In the last stretch to a deal on EU innovation funding, we explore four criteria for a future-compatible Horizon Europe fund, writes E3G Researcher Lea Pilsner.
European negotiators are expected to conclude negotiations on ‘Horizon Europe’, the EU’s main source of research and innovation (R&I) funding, on 14 March. E3G highlights four benchmarks the final deal must meet for the fund to accompany the EU through its next big innovation challenge – building a climate neutral economy.
As demonstrated in the Commission’s recently released EU long term climate strategy, climate-related innovation is a major opportunity for the EU’s future competitiveness and the best way to protect European security and prosperity. The Horizon Europe programme is critical to accelerate Europe’s decarbonization, while creating lasting economic opportunities for industries and citizens alike.
Last May, the European Commission released its proposal for the Horizon Europe programme as part of the next Multiannual Financial Framework (2021-2017). With negotiations between the Council and the European Parliament now coming to a close, lawmakers have the opportunity to make sure the Programme fulfils its potential. Here are four criteria to evaluate whether they have succeeded.
- Horizon Europe contributes to a minimum share of 35% climate mainstreaming
Climate is not a sector-based issue: it underpins every policy area from industry to digitalization to food to basic research. The climate mainstreaming principle – dedicating a share of the overall budget to climate-related spending – ensures this is reflected across the EU budget and each budget instrument plays its part. To make sure European R&I will take centre stage in decarbonizing our economy and achieve competitive benefits, Horizon Europe must dedicate a sufficient share of spending for climate-related R&I activities. It is therefore important to uphold as an absolute minimum a 35% climate mainstreaming target in Horizon Europe, in line with Commission’s 25% target for the overall budget.
For efficiency of EU spending, keeping track of the programme’s climate impact will be essential. This can be done by making sure indicators that track funding impact also include metrics on climate change, as already voted by Parliament.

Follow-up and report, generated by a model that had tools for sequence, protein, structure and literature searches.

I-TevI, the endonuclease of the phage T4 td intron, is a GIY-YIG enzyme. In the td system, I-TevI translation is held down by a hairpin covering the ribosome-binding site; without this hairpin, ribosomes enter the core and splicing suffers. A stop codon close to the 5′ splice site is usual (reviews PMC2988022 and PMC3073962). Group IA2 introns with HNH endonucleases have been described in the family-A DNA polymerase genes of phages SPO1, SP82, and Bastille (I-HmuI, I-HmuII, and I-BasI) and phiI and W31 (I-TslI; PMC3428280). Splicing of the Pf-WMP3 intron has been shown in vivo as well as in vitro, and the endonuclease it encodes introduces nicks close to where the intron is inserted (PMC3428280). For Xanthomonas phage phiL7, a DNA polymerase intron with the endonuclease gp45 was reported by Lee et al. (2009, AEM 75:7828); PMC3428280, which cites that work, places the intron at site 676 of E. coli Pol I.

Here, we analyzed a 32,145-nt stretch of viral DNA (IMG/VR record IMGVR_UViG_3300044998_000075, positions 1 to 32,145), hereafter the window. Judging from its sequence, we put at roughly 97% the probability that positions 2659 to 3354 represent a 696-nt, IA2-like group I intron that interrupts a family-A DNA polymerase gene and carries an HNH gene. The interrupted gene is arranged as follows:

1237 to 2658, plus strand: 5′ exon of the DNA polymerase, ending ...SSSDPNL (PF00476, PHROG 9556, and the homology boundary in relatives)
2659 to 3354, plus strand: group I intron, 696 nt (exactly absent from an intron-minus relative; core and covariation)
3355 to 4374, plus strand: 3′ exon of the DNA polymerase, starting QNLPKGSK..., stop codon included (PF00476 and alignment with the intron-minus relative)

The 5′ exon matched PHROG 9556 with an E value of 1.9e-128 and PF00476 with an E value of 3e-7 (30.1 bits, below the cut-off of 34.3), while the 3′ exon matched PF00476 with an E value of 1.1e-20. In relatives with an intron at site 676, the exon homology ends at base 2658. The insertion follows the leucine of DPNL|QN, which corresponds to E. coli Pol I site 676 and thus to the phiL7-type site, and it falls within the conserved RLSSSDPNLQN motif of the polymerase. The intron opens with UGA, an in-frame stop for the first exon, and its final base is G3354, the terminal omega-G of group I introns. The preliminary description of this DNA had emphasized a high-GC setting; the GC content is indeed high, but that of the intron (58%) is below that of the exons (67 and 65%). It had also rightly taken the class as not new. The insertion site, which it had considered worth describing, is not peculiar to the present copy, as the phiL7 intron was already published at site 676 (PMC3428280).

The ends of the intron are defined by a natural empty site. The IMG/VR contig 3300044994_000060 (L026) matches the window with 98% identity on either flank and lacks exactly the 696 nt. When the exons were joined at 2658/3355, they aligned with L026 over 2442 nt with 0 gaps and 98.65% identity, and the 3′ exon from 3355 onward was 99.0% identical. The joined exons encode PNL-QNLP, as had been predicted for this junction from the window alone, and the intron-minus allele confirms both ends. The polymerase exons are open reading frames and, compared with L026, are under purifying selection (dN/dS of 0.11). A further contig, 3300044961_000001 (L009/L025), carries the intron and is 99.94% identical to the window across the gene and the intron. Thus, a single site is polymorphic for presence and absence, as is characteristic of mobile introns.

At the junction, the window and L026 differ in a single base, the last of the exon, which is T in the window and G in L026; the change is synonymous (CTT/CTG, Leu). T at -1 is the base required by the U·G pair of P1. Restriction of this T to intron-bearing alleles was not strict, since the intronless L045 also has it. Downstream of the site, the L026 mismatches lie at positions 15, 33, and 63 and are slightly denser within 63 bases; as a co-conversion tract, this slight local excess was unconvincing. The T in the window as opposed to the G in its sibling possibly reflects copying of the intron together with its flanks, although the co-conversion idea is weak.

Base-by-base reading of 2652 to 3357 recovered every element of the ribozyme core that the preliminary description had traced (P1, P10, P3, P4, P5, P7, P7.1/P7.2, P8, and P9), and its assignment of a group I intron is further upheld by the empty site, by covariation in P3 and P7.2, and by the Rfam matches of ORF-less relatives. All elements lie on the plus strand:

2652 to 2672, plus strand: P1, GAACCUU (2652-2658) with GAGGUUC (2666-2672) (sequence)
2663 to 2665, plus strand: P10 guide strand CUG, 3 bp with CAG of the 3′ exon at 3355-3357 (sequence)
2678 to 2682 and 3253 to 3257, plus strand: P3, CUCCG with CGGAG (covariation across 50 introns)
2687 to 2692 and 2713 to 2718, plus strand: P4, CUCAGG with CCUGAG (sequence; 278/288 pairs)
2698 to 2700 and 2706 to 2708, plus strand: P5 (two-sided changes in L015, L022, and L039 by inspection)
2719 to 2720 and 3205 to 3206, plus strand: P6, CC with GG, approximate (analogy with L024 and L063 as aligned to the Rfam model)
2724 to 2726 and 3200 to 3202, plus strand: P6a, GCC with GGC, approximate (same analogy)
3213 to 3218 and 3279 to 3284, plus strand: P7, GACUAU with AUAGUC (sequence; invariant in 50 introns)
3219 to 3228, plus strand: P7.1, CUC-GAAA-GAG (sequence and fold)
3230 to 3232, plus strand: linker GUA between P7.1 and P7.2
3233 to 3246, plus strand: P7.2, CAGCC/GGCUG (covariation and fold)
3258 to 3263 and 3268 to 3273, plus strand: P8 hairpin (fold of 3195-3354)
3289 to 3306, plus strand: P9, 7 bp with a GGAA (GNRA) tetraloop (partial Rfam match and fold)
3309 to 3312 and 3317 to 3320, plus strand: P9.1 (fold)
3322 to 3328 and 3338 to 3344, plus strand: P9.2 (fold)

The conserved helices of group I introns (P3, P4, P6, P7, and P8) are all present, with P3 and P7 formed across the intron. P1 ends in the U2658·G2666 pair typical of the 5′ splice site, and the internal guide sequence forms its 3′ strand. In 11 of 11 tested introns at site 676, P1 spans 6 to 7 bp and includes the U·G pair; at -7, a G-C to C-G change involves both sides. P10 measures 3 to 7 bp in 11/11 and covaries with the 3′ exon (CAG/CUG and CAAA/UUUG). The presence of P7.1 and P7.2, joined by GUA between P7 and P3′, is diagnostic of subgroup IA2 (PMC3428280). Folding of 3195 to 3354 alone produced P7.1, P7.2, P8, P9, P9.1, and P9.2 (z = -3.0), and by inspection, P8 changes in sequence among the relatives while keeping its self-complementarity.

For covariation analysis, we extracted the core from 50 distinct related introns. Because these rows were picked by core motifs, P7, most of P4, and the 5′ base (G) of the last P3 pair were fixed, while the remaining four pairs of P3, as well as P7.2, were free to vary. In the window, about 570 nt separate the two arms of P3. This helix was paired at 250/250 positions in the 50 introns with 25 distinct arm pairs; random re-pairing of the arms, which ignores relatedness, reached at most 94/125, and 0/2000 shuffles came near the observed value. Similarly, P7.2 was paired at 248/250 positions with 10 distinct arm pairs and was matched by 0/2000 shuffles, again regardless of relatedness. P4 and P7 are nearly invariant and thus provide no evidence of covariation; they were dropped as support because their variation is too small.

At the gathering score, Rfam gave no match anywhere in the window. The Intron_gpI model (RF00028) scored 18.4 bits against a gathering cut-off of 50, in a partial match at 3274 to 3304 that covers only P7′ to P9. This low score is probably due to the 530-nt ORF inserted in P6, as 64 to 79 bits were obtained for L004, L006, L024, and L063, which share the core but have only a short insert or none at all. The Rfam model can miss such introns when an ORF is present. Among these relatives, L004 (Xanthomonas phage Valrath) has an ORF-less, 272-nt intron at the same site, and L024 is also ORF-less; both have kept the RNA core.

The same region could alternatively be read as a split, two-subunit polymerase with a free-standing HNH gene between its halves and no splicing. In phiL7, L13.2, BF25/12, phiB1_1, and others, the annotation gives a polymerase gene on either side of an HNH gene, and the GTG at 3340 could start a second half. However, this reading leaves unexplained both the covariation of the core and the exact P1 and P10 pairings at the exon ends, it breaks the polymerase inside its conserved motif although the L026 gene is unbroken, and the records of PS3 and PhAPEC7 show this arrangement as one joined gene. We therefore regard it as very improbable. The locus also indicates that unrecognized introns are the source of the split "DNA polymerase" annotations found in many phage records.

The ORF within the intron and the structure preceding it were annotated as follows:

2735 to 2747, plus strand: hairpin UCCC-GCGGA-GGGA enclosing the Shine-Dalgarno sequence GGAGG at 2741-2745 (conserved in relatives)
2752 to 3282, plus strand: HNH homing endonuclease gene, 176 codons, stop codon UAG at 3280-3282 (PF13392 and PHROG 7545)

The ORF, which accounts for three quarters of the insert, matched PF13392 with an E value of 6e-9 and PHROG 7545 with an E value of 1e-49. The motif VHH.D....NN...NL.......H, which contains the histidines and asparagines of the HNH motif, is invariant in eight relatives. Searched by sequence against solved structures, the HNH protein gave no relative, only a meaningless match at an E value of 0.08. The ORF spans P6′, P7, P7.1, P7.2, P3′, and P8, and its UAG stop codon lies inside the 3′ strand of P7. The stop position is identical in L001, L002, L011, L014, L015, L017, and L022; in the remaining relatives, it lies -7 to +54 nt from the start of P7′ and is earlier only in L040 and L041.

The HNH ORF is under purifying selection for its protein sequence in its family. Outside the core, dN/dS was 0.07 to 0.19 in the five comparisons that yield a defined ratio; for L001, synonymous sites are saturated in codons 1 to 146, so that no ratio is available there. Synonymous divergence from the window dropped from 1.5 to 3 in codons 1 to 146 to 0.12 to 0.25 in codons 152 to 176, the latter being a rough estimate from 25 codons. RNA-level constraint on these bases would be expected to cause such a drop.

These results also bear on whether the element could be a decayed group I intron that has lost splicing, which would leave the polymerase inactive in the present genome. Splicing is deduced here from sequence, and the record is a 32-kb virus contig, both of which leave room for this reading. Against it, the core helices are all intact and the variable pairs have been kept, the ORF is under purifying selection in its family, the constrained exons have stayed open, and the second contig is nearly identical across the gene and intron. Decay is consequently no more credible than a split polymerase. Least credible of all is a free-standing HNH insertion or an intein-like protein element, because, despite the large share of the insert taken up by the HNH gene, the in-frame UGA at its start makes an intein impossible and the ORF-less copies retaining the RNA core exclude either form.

- A sufficient share of Horizon Europe budget is dedicated to the climate, energy and mobility cluster
Without sufficient budget allocated to climate-specific R&I activities, Europe’s decarbonization goals are at risk and so are its market shares in the global clean tech sector. The Commission suggested devoting close to €15 billion for climate, energy and mobility in its proposal as part of a €94 billion-large Horizon Europe programme. The EU’s investment in R&I is small in comparison to other players and will be reduced due to Brexit. Guaranteeing sufficient funds support Europe’s excellent climate and energy research is critical. Without doing so, we risk undermining Europe’s chance to create its own innovative solutions for a green economy. At the very least this means not going below the Commission’s proposed budget share for the climate, energy and mobility cluster of €15 billion. It also implies keeping mobility within the cluster to reap the large decarbonization opportunities in the transport sector.
- The rest of the Horizon Europe programme is ‘climate-proofed’ by removing any support to fossil fuels
Financing fossil fuel research through the first budget following the Paris Agreement would be a step backwards and against the EU’s own G7 commitment to phase out fossil fuel subsidies by 2025. Efficiency of spending means the EU should avoid subsidising R&I in stranded assets and instead mobilise funds for productive, climate-friendly investments.
- Missions are designed to deliver carbon neutrality
Missions – a goal-oriented and time-bound approach to research and innovation centred around measurable impact for society – are a welcome new addition to the Horizon Europe programme. They are a cost effective and high impact measure which accelerate the transition to a decarbonized economy in a tangible way for EU citizens. Mission areas must therefore explicitly take on the climate change challenge to ensure they can deliver large scale deployment of clean technology, change the amount of energy people consume, and the way they consume it. The Parliament’s role in the governance of missions should be upheld to ensure citizens’ interests remain at the heart of missions.